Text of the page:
For all the exuberant talk about China being among the world’s greatest economic powers, with western marketers clamoring to get their products in front of China’s skyrocketing middle-class, the reputation of its legal systems has lagged behind considerably.
Whether China’s legal system is adequate or not, the arguments are all over the place. For example, contrast the recent Epoch Times post, Five Unspoken Rules of China’s Legal System with the South China Morning Post article, Legal System Less Arbitrary but Still a Work in Progress.
I mention this because I just read an excellent post on the Drug and Device Blog about a U.S. 4th Circuit decision issued just days ago finding that China is an adequate legal forum.
The post, Chinese Litigation Returned to Sender, breaks down the decision reached in Tang v. Syntura International, Inc., No. 10-1487, slip op. (4th Cir. Sept. 6, 2011). The case is notable because it involves a well-publicized scandal concerning tainted infant formula manufactured by Chinese companies
As with the China drywall litigation, a group of enterprising lawyers tried to make the infant formula litigation the latest Chinese export to the United States. The case was filed in the United States based on the fact that one of the 22 companies whose products had been contaminated was a sub- subsidiary of an American holding company located in Maryland.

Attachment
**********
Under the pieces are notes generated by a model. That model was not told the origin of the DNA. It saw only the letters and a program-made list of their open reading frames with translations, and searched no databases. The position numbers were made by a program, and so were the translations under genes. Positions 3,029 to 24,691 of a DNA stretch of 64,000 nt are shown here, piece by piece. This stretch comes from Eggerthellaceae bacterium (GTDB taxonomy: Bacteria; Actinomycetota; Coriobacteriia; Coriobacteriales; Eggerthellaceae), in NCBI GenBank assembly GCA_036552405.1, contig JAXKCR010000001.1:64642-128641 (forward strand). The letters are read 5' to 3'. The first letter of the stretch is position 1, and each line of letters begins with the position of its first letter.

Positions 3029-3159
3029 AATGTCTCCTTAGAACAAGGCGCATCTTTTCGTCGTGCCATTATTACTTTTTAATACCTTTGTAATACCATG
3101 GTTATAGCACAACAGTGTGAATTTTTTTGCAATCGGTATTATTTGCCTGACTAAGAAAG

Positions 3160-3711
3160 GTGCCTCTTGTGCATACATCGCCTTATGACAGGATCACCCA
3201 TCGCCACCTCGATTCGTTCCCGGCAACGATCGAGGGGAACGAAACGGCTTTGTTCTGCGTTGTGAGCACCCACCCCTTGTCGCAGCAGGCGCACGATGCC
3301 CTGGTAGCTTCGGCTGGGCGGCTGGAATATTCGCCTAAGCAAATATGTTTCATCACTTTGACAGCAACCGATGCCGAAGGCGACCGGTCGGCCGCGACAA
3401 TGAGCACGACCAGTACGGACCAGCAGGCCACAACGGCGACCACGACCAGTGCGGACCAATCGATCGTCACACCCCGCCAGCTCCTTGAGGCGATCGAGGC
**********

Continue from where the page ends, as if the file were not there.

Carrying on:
The defendant filed a forum non conveniens motion to send the case back to China. The question raised was whether the Chinese legal system had modernized sufficiently that it can now be considered an “adequate forum.”
The court held that China is an adequate forum because its courts are available to hear contaminated formula cases. The court was swayed by the sufficiency of evidence presented by the Chinese defendant to back up this finding.
First, the defendant presented evidence showing that at least two provincial courts accepted contaminated formula cases prior to the district court’s decision.
Also supporting defendant’s forum non conveniens argument, was the affidavit of an officer from China’s highest court exalting the court’s readiness “to accept and hear these cases according to law at any time.”
Finally, the Chinese defendant presented evidence explaining that any inaction or delay by Chinese courts might be attributable to formal defects in the complaints and not the courts’ resistance to the subject matter of the cases.
One of the interesting points of the Tang decision is its holding that more than just litigation opportunities factor into whether an overseas forum is adequate. The existence of the Chinese government’s fund for contamination victims (similar to our own BP Oil Spill fund) must also be considered as a possible remedy– litigation is not the only mechanism available.
Adequate court system (although different). Check
Adequate remedy (although not similar). Check
China. It’s an adequate forum.
Or is it?